COURSE CARE
Winter's Last Gasp March 16, 2018 By Bob Vavrek, regional director, Central Region

Poa annua is highly susceptible to injury from cycles of thawing and freezing. Areas where water from melting snow collects and refreezes need to be closely monitored.

A freight train of storms have been racing from the Pacific Northwest to the Eastern Seaboard throughout the past few weeks. As the cars speed by, some bring rain, others ice and heavy snow. The unsettled weather reminds us that turfgrass winterkill is still a possibility for at least a few more weeks.

Poa annua is particularly susceptible to winter injury during early March. Only one or two days of mild weather can cause changes in Poa annua that greatly diminish its ability to tolerate freezing temperatures. Temperatures that oscillate from the 40s and 50s during a sunny day then plummet to well below freezing at night may be ideal for maple syrup production, but they are a serious threat to Poa annua playing surfaces.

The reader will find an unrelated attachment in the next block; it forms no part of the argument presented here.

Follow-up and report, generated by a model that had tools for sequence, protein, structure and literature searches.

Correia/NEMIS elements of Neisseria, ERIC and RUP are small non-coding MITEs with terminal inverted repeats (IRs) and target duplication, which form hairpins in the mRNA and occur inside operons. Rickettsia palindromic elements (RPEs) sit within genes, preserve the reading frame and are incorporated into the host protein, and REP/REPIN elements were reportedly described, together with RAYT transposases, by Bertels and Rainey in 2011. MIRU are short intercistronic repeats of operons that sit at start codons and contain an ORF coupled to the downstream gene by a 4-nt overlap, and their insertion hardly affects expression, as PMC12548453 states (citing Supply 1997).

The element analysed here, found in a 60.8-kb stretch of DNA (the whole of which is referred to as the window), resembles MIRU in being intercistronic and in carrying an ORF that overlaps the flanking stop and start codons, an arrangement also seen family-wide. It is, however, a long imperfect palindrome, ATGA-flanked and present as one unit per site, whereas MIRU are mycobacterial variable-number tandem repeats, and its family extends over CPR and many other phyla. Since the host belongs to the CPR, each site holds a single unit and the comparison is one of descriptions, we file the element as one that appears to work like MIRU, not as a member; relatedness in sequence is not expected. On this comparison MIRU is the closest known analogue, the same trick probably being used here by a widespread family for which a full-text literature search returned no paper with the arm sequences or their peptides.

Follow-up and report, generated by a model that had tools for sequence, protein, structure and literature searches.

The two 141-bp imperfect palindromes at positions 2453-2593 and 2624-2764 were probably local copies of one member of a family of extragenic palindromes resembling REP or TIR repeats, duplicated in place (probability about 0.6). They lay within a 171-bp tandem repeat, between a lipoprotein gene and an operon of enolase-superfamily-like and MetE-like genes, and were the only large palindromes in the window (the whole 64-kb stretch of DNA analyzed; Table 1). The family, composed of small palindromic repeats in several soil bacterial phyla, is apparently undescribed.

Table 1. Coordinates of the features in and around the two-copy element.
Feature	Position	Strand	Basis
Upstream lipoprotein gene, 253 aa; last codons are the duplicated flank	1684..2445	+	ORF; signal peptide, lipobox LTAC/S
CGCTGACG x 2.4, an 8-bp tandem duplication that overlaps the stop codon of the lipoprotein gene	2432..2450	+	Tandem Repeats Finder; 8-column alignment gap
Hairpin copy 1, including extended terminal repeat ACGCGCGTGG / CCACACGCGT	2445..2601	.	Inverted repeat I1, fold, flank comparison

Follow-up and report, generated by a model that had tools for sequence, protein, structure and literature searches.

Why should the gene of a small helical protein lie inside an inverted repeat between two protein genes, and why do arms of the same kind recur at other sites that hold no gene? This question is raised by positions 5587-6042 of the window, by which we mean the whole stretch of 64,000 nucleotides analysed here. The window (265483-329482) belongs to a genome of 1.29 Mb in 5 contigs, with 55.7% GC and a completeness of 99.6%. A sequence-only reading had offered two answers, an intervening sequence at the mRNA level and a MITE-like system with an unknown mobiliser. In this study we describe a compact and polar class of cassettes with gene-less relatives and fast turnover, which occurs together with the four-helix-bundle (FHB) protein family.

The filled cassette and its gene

The water from melting ice and snow poses another threat to turf, especially putting greens. It can pool on low areas during the day and refreeze at night. Lingering frost in the soil inhibits the movement of excess water through the soil profile, so water tends to puddle on greens during a thaw except where excellent surface drainage exists. However, impediments such as collar dams and accumulations of snow around the perimeter of a putting surface can hinder even the best surface drainage. In fact, keeping the area where water moves off a putting surface as free from ice and snow accumulation as possible is well worth the effort to protect greens that have a history of winterkill.

With the official start of spring only a few days away, let's hope the luck of the Irish shines on your course. Hopefully, the turf will enter the season free from winter stress and ready to accommodate throngs of players eager to enjoy the game they love.

 

Central Region Agronomists:

Bob Vavrek, regional director – bvavrek@usga.org

John Daniels, agronomist – jdaniels@usga.org

Zach Nicoludis, agronomist – znicoludis@usga.org

Information on the USGA’s Course Consulting Service 

Contact the Green Section Staff

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